Novak Djokovic is unlike the archetypal Wimbledon champion. He is neither a big-server nor a net-rusher and does not slice and dice his way through points. Instead, he is peerless in how he absorbs an opponent’s most devastating play, seizes crucial moments and flips the narrative within a blink of an eye. No one in living memory has anticipated, moved and defended a grass court quite like the 35-year-old Serb. On Sunday, he brought to the fore all these facets to clinch his seventh Wimbledon crown — fourth on the trot — and a 21st Grand Slam title. Admittedly, the grass at SW19 is slower and the bounce truer than earlier times, helping consummate all-courters like Djokovic. But the run of Nick Kyrgios to the final — albeit after a walk-over against an in-form but injured Nadal in the semi-final — was enough evidence that the surface still offers purchase to those willing, and able, to play traditional grass-court tennis. Kyrgios did this for a set, bouncing off the audience’s energy like a showman would in a theatre. Wimbledon, in fact, has come to be his safe space, where he is still loved and not judged despite his boorish behaviour from time to time. Yet Djokovic, the ultimate diffuser, displayed patience and tactical endurance, the lack of which proved Kyrgios’ undoing yet again.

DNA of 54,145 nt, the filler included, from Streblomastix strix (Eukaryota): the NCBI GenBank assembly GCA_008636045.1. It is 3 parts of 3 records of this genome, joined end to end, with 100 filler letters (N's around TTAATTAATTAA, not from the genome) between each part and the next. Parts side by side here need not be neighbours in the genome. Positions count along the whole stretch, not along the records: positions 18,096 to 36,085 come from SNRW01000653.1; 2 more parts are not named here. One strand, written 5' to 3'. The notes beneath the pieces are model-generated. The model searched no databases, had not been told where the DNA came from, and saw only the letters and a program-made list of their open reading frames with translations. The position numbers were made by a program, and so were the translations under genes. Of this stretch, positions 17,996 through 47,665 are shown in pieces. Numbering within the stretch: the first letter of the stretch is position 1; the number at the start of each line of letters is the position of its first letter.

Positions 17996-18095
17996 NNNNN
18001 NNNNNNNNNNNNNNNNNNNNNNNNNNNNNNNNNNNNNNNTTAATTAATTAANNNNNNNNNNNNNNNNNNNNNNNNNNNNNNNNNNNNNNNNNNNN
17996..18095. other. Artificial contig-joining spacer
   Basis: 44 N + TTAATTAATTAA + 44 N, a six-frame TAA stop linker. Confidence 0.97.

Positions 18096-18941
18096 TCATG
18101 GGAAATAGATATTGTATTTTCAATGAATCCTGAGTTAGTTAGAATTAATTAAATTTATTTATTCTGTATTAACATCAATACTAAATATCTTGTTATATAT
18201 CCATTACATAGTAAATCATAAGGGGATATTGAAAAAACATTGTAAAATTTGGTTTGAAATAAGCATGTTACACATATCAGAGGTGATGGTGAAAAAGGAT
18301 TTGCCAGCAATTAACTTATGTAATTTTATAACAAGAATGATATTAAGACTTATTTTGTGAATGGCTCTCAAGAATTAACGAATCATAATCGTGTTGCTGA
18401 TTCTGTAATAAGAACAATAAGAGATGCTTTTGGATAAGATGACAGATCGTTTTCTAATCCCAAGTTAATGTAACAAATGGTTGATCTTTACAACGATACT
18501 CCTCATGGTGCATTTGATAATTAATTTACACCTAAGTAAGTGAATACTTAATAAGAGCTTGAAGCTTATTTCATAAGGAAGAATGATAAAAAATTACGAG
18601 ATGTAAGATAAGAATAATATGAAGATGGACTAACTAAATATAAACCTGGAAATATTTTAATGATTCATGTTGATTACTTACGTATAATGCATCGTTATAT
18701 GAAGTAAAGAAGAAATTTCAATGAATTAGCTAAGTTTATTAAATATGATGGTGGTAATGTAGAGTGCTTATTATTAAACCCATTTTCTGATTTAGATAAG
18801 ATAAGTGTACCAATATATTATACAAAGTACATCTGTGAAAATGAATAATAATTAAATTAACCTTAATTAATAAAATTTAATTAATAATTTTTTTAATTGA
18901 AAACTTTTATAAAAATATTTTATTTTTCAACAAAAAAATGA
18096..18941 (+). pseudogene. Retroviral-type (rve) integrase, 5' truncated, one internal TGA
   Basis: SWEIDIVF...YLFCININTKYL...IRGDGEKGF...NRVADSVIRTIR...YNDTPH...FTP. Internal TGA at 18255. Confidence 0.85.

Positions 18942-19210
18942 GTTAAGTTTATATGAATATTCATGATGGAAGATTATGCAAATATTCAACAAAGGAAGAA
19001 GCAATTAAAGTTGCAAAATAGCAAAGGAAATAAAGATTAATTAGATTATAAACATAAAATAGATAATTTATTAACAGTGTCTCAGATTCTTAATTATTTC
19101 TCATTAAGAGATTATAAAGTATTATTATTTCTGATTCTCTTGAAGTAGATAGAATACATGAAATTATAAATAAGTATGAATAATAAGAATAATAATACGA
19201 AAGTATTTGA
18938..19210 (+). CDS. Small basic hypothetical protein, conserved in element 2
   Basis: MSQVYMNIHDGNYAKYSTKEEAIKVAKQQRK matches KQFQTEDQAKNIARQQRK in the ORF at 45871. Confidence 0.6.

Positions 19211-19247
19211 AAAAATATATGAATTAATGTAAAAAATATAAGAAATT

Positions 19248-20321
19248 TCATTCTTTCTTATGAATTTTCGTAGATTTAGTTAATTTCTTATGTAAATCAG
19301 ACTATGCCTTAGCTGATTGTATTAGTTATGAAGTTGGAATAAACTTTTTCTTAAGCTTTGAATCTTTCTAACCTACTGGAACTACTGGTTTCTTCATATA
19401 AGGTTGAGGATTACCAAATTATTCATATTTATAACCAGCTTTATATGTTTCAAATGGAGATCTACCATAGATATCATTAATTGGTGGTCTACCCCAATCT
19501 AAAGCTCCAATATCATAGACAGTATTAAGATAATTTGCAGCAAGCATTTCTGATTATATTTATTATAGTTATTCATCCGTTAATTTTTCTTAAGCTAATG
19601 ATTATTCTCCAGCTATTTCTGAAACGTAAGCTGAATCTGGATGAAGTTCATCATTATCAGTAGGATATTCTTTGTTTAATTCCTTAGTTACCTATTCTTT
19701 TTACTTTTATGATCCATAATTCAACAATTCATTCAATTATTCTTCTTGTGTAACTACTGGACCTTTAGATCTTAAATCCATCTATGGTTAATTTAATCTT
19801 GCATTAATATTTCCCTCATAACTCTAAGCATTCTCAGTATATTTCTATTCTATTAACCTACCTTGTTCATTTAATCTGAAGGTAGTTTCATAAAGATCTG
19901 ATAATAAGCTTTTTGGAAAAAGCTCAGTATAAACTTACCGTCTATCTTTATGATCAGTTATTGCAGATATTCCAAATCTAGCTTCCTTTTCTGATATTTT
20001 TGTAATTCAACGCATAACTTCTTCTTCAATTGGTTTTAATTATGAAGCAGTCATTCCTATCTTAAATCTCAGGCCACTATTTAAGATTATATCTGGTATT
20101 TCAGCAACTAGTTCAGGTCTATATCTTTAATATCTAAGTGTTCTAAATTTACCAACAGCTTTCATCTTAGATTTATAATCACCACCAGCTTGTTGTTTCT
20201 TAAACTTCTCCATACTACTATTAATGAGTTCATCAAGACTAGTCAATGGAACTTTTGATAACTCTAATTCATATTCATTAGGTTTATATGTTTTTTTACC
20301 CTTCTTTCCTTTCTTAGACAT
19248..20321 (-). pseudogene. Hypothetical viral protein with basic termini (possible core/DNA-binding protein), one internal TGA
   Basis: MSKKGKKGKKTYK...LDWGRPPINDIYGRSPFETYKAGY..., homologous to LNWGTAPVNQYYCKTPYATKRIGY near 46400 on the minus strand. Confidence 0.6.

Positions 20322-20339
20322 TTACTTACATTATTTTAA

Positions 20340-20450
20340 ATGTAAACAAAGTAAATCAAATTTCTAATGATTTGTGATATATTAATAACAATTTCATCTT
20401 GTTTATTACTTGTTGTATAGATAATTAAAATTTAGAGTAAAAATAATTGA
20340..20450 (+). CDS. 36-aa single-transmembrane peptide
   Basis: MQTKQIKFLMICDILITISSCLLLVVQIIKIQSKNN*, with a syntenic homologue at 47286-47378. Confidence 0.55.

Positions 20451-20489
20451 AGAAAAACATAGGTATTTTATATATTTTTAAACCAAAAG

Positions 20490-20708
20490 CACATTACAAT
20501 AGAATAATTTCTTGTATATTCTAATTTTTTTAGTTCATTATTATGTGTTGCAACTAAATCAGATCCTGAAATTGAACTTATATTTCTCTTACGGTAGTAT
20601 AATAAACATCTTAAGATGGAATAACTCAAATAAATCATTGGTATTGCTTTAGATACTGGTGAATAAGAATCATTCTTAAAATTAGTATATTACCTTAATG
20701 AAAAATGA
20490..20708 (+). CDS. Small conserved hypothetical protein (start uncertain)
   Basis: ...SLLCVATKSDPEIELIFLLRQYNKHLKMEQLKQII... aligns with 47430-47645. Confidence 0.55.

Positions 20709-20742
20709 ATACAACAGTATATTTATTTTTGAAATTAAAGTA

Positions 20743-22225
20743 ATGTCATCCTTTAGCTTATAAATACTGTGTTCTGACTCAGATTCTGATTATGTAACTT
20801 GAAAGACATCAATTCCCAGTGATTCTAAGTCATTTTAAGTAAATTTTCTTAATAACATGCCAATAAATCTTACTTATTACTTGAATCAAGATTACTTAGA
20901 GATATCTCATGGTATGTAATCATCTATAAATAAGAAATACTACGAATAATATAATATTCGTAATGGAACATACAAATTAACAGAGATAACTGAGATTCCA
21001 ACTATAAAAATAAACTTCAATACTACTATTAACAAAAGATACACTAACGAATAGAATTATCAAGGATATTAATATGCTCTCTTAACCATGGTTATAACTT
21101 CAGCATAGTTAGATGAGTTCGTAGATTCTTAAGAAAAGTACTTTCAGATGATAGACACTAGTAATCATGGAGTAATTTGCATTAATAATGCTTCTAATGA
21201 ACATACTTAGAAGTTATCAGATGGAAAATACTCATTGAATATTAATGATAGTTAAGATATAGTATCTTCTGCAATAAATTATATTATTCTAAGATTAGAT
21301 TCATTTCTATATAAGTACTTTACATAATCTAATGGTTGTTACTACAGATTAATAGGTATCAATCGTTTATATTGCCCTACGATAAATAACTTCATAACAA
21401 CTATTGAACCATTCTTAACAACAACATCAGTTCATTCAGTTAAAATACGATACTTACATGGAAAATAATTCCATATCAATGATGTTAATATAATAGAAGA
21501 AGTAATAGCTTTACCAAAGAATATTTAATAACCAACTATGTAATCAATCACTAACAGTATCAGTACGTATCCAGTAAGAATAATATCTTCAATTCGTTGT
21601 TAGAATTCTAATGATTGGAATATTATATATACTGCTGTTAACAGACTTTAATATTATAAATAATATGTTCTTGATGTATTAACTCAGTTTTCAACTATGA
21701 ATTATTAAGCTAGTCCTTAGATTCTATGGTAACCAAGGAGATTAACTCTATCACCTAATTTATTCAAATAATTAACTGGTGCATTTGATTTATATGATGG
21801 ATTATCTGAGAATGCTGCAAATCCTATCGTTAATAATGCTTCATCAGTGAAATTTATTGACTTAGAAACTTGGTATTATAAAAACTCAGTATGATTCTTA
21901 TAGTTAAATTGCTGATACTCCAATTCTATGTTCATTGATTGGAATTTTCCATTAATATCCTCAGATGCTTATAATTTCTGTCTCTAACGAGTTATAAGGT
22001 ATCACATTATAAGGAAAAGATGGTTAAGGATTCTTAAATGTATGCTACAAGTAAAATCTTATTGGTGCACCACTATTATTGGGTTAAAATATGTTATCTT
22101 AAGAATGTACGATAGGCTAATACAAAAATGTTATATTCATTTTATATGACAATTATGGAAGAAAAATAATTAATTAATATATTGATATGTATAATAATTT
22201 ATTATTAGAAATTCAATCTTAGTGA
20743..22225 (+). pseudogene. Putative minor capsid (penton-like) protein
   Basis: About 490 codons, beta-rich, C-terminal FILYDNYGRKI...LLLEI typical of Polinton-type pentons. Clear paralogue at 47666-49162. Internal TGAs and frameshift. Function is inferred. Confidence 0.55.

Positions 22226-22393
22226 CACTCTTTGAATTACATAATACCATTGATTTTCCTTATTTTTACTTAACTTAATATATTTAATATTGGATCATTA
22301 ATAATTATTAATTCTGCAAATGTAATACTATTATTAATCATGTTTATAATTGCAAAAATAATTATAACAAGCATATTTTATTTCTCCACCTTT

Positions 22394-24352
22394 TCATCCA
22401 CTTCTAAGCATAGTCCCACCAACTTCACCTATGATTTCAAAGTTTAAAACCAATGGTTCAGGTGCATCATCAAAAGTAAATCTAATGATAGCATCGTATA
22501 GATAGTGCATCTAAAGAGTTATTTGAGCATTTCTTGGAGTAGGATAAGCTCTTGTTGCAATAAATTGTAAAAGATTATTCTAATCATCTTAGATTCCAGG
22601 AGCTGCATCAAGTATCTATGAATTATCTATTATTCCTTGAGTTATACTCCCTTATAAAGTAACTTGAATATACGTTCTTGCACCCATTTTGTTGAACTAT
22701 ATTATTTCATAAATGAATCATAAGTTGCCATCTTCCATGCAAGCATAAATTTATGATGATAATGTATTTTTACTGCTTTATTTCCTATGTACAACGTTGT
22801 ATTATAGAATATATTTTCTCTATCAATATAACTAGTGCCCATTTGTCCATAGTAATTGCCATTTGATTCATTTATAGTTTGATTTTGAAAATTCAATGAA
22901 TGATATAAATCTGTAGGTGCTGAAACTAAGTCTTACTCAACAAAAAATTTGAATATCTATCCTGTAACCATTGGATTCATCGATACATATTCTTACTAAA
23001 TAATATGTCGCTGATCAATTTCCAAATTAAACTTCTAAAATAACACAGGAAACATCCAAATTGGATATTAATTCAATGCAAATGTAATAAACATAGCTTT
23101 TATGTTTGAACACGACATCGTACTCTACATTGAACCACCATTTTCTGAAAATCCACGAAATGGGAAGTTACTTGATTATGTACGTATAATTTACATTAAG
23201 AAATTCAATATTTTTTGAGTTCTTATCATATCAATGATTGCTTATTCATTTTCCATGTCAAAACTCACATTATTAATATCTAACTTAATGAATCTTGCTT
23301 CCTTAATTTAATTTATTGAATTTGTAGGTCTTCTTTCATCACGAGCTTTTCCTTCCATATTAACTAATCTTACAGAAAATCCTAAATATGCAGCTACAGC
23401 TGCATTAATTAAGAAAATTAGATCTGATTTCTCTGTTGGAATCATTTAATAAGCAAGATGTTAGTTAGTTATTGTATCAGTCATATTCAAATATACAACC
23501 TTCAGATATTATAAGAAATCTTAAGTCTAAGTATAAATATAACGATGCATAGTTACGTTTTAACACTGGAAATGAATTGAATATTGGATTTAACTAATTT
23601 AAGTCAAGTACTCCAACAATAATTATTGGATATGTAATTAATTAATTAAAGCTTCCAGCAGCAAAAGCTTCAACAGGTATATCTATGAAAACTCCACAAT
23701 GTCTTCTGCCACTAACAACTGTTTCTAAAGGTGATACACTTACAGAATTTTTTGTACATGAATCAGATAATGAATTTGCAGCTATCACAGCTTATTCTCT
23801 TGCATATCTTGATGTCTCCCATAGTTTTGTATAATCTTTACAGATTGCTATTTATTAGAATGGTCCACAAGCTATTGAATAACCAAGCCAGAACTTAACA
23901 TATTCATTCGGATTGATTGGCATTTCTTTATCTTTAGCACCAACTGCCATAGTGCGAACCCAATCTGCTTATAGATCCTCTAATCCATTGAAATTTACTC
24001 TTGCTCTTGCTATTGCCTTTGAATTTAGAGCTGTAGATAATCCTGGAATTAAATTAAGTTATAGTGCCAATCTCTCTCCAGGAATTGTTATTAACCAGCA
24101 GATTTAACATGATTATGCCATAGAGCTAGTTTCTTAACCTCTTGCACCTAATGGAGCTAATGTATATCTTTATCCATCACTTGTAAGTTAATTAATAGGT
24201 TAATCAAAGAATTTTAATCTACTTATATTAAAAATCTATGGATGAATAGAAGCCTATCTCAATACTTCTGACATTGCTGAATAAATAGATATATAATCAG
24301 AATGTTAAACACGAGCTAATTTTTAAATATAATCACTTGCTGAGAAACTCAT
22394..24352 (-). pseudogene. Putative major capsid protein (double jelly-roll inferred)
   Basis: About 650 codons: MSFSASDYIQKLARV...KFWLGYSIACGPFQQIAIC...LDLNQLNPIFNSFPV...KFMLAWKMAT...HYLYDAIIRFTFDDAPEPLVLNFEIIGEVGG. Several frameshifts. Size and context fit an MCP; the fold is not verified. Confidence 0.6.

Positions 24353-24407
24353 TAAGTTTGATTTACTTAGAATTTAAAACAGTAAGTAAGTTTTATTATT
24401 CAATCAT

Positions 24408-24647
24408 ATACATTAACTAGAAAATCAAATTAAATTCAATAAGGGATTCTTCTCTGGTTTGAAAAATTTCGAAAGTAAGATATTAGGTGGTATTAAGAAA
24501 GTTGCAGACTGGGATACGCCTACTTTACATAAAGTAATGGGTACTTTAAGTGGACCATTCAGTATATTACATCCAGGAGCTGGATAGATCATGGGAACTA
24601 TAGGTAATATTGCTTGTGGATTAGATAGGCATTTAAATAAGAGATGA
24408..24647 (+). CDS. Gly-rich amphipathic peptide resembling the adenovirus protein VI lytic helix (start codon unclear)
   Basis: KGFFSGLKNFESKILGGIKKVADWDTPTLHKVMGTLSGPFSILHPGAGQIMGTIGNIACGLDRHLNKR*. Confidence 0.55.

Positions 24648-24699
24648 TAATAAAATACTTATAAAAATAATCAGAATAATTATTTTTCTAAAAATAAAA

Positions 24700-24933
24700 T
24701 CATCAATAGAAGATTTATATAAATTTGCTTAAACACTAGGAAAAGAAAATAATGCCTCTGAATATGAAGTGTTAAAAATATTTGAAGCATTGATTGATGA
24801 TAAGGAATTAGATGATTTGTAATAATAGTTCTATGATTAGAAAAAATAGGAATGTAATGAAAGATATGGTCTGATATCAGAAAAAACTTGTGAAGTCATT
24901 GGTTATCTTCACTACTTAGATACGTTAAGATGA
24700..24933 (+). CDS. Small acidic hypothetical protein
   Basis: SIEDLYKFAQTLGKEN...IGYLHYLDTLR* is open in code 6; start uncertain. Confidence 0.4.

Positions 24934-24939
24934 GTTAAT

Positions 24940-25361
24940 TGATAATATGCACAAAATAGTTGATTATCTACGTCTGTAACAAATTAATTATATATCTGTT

For Djokovic, the Australian Open may have brought the most success (record nine titles), but it is Wimbledon that has proved more momentous. Pete Sampras’s maiden triumph in 1993 sparked his interest in tennis and he has now equalled the legendary American’s tally at Wimbledon. Victory in 2018 resurrected his career after a prolonged slump and the latest win is sure to galvanise him again, after the fiasco in Australia over his unvaccinated status and the stinging quarter-final loss to Nadal at Roland-Garros. He has now surpassed Roger Federer in the all-time Major race and is just one behind Nadal. That he has fallen to seventh in the ATP rankings because of the absence of ranking points at this year's competition will be a mere footnote. While Djokovic has been a near constant at Wimbledon, Elena Rybakina was the fifth straight first-time women’s singles winner. The 23-year-old was up against the sentimental favourite in Tunisia’s Ons Jabeur, bidding to become the first Arab and African woman to win a Slam trophy. There was also the awkwardness surrounding her nationality, in light of the All England club’s ban on Russians and Belarusians. Rybakina was born and raised in Russia, but switched to Kazakhstan four years ago in return for funding. But she displayed remarkable mental fortitude, and with a power-packed game felled two Major winners and the World No.2 to secure tennis’s most coveted prize.